Work Restrictions Axed Amid Historic Heat Wave, Abbott Under Fire

( – Parts of Texas are suffering an unprecedented streak of record-high temperatures of more than 100-degrees Fahrenheit. Medical services responded to record heat-related incidents including heat-exhaustion and persons suffering from increased core-temperatures.

On June 13, Texas Gov. Greg Abbot signed HB 2127 into legislature that prohibits cities and counties from having stricter regulations than the state, overturning local rules in cities such as Austin and Dallas that mandate rest breaks for construction workers. This law becomes effective Sept 1, 2023.

Known as the “Death Star Bill”, critics say the legislation is going to obliterate local control, create more work for unions, and needlessly endanger lives. Construction workers and others who must wear protective gear are more at risk of exhaustion, dehydration, and becoming disoriented. Heat exhaustion or heat stroke can kill, but heat-related issues are often identified after it is too late.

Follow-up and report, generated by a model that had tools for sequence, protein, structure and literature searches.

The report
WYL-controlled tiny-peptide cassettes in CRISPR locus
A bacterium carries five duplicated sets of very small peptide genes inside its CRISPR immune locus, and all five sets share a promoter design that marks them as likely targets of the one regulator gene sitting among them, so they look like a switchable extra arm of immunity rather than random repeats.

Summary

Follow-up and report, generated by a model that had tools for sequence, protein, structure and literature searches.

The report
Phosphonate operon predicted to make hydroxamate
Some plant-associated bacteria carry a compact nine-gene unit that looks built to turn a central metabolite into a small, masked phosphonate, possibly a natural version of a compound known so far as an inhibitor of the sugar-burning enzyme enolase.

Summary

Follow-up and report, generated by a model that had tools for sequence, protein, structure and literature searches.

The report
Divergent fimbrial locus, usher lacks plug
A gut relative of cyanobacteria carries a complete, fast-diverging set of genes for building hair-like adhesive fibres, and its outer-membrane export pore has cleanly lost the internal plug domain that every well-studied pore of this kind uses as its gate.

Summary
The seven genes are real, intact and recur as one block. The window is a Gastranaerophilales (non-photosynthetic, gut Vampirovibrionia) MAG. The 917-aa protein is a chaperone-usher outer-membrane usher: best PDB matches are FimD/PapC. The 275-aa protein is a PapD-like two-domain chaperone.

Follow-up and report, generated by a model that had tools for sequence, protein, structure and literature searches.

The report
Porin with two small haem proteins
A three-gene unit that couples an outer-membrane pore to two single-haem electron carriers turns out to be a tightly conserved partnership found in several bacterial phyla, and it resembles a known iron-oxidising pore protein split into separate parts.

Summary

In June 2023 there were two notable heat-related deaths. A postal worker and a lineman died seemingly from preventable heat-related deaths according to the ACLU, which has taken an interest in the “Death Star Bill.” Federal guidelines that mandate breaks are slow in coming and not a priority. Only a handful of states have mandated rest-breaks built into their laws.

The Houston Chronicle indicates that Houston officials claim the bill goes too far and they are filing a lawsuit that preserves their rights as a city. They say that city workers are the backbone to a great city and they must be protected.

In 2021, a Tesla Gigafactory worker died from heat stroke while working outside Austin. The Texas Observer notes that on-the-job fatalities such as this one are routine despite being preventable. Texas is considered employer-friendly as it is one of the least unionized states with a booming population.

All indications show that the Texas summer season is not only getting longer, but also more severe, and with power grid issues, “keeping cool” takes on more than one meaning.

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